Hobbies can boost your brainpower and bring joy to your daily life. Here’s how to get started.
Many people look at hobbies as just a way to kill time. But that’s not the whole story. Hobbies make life fun and meaningful, and research shows they may contribute to healthy aging.
“First and foremost, hobbies help older adults — and all adults — remain engaged, which staves off boredom and isolation,” says Brittany Ferri, Ph.D., an occupational therapist based in Rochester, New York. “These are common issues with older adults, and they can contribute to a range of health issues.”
Hobbies are particularly beneficial for your brain. Multiple studies have shown that people who take part daily in fun activities are less likely to have a decline in memory.
In one recent study of 50,000 adults over 65, researchers found that those who were most engaged in photography, golf, travel, gardening, and other hobbies were the least likely to develop dementia.
Older research has found similar results for reading, dancing, and playing board games. When researchers from the University of Pittsburgh tried to quantify how much time a person should spend on hobbies, they landed at one hour each day. That seems to be ideal for possibly preventing dementia.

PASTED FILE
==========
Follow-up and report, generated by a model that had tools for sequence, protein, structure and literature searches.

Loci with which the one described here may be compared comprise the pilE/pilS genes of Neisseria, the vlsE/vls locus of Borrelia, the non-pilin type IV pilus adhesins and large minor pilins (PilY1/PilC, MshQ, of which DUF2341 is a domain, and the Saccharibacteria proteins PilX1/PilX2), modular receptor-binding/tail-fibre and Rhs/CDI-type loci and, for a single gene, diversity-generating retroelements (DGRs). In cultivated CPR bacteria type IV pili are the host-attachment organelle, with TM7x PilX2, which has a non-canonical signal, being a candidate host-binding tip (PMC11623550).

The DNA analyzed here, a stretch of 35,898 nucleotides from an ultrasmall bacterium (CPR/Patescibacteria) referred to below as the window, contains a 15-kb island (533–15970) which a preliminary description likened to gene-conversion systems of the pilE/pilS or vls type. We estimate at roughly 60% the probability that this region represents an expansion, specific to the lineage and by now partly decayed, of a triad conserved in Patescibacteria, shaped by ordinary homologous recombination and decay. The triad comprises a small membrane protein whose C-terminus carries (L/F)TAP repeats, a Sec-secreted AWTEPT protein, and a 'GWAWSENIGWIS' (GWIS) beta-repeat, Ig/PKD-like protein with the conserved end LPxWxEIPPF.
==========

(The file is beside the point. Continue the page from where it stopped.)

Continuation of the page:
What makes a good hobby?
You’re looking for three things, says Jameca Woody Cooper, Ph.D., a psychologist and adjunct professor at Webster University in St. Louis, Missouri. She’s the author of I Am My Sister’s Keeper. Hobbies should:
- Keep you engaged
- Bring you joy
- Require knowledge or skill
In other words, a hobby should be active, fun, and mentally challenging. That casts a wide net. It could include hiking, woodworking — even video games. In a 2017 study, adults ages 55 to 75 who played Super Mario 64 daily for six months experienced new growth in the hippocampus regions of the brain. Those areas are associated with learning and memory.
In the end, a hobby is a personal choice, and it should reflect your interests. “As you enter your retirement, this is your chance to spend your days doing the things that make you happy and bring meaning to your life,” says Julia Zeuner, a social worker for older adults at 92nd Street Y in New York City. “Indulge and engage in what interests you most and what you’re passionate about.”